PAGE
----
Knowledge at Wharton: What have you learned so far about the participation, completion and dropout rates of this online population?

Koller: This is what we see: Enrolling is easy. It’s a matter of just clicking a button, and it’s free. A lot of students do that. Then when it comes time for the course to actually begin, about 70% of students show up, possibly because those who do not attend have found their life has moved on, and they’re now busy doing something else.

Of the ones who show up, we see a bifurcation of the population. There are students who come in and they are primarily there to watch the videos. Of those who start watching videos, about 30% to 40% watch the course to its completion, with a fairly constant drop off rate week-on-week as students get busy.

Then there is the second population: These are students who really do intend to take the course for real. We gauge that by seeing who submits the first assignment. If you submit the first assignment, you probably intend to take the class for real. The retention rate for this population is comparable: About 30% who start the first assignment will complete the last one.

In terms of what you might traditionally call “retention” — that would be the number of students who submit the final assignment relative to the population who initially enrolled for the course. In those terms, we have a retention rate of 7% to 9%, depending on the course. But that’s really the wrong way of looking at it because many of these students never really intended to seriously take the class in the first place.

Knowledge at Wharton: I understand that the gamification course that was offered through Wharton had 70,000 people who initially enrolled, and about 9,000 completed it. That’s quite a big gap. What have you learned about the different kinds of courses where you have seen greater success than others?

Koller: We don’t have a sufficiently large sample size right now to gauge what makes for a successful class and what doesn’t. In fact, we’re currently researching what factors increase retention and what factors increase engagement.

We’re now running a test where students are sent encouraging e-mails once a week saying, “You did so well on the last couple of assignments, and the next one is due tomorrow. Don’t you think it would be good if you log in and try to complete the next one? You don’t want to break your winning streak.” We are trying to test whether that actually increases student engagement.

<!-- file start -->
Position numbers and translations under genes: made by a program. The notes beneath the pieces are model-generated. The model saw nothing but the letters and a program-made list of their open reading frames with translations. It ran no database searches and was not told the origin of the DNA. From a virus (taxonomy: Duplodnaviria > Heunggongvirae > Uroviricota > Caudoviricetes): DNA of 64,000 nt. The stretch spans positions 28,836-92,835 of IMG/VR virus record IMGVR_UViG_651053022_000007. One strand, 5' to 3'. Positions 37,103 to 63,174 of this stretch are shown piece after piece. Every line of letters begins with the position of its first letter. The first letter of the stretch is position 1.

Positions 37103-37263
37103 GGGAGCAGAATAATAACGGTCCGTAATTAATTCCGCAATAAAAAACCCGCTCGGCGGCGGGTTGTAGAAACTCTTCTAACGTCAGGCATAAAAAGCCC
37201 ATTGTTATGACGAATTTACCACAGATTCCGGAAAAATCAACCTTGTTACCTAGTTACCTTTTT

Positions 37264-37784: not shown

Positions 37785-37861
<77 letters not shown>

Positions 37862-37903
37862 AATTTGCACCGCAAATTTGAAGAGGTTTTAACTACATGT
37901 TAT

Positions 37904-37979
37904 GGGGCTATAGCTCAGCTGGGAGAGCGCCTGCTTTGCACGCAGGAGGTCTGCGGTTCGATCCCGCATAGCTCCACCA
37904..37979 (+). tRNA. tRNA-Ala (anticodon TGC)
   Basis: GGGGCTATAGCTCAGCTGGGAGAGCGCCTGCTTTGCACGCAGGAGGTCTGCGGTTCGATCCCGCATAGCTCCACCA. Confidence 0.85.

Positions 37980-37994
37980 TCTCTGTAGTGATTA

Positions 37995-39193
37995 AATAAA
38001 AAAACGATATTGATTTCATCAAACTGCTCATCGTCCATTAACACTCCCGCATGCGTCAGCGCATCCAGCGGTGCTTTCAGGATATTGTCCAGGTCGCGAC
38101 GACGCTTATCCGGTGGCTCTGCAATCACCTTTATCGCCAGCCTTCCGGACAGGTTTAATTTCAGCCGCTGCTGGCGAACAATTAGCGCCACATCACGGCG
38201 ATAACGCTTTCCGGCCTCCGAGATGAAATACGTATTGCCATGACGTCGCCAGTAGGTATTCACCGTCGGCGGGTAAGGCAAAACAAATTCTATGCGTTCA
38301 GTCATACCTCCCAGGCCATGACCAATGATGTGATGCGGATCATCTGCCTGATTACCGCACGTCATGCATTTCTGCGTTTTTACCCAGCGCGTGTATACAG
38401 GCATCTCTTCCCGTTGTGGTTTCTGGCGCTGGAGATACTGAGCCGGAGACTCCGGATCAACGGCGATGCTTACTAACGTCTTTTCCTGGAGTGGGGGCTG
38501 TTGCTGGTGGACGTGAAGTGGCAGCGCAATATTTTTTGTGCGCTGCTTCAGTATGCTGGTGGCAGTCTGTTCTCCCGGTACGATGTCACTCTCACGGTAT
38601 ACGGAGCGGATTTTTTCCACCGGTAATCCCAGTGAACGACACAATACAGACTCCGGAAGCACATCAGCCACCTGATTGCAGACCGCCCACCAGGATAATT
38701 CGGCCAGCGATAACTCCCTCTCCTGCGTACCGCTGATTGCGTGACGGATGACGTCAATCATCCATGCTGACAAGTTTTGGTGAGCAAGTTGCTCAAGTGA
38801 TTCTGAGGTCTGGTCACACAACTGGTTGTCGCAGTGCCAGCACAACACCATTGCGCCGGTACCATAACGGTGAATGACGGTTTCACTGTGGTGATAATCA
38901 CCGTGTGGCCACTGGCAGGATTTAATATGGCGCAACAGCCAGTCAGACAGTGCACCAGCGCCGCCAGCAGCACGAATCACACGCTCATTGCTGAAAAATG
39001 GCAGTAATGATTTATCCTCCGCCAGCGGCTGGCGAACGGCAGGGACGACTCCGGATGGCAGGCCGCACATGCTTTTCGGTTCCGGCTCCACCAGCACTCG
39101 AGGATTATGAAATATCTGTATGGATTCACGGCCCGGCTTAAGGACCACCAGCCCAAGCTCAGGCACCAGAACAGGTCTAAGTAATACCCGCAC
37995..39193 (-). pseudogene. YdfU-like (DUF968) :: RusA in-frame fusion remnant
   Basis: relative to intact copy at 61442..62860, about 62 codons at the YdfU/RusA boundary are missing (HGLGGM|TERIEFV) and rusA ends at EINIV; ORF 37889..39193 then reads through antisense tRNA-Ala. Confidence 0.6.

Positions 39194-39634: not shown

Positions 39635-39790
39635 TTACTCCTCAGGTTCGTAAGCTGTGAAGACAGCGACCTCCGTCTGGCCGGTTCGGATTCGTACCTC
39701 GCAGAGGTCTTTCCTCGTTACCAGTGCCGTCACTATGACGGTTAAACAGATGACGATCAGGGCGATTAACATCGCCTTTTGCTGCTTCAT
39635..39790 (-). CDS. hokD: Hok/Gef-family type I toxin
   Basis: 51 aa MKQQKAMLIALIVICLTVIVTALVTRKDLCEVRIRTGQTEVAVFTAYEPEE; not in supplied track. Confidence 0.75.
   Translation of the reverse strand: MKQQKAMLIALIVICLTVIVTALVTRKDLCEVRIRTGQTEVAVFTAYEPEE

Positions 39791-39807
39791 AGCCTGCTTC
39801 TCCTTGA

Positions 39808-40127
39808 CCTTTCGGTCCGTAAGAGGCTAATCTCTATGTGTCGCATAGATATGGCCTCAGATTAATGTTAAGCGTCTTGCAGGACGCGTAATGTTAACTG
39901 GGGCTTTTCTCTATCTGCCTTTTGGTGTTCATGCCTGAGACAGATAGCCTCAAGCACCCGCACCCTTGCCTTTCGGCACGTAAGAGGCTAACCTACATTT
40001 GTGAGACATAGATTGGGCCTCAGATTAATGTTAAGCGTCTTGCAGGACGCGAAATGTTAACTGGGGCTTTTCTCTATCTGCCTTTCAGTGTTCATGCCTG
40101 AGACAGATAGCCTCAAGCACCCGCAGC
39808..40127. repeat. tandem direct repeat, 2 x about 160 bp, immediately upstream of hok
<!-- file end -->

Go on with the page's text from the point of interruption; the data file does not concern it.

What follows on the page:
One of the really beautiful things about having such a large population of participants is that you can run these experiments and get statistically significant results that will help you improve the learning experience for students.

Knowledge at Wharton: Some of the institutions that offer these courses offer credit, and some do not. Why does that difference exist?

Koller: Currently only one institution, the University of Washington, offers credit. They’re offering credit for an enhanced version of a course where students have interaction with the instructor and some additional homework besides what’s available on Coursera.

I think that granting credit is a very sensitive issue for institutions; they need to think carefully about what makes a credit-bearing class and what doesn’t. The transformational change we’re seeing right now is so new. It was only a year ago when the first real MOOCs launched. The educational community is still trying to assimilate the change and figure out where to take this. I believe that over time more institutions will move into the credit arena, but it’s still early days.

Knowledge at Wharton: Do any institutions offer certification?

Koller: Most of the institutions we’re working with have agreed to offer some kind of unofficial certification. But most of our current population are people who already have a degree, so the question of whether the course carries credit is less relevant compared to whether they have a meaningful certificate that they can present to an employer to demonstrate competence in a particular topic. I’m very pleased that most institutions have decided to offer that benefit to students, which allows them to gain something substantial for their work.

Knowledge at Wharton: Is it Coursera that offers the certification or the institution? And is there any charge for it?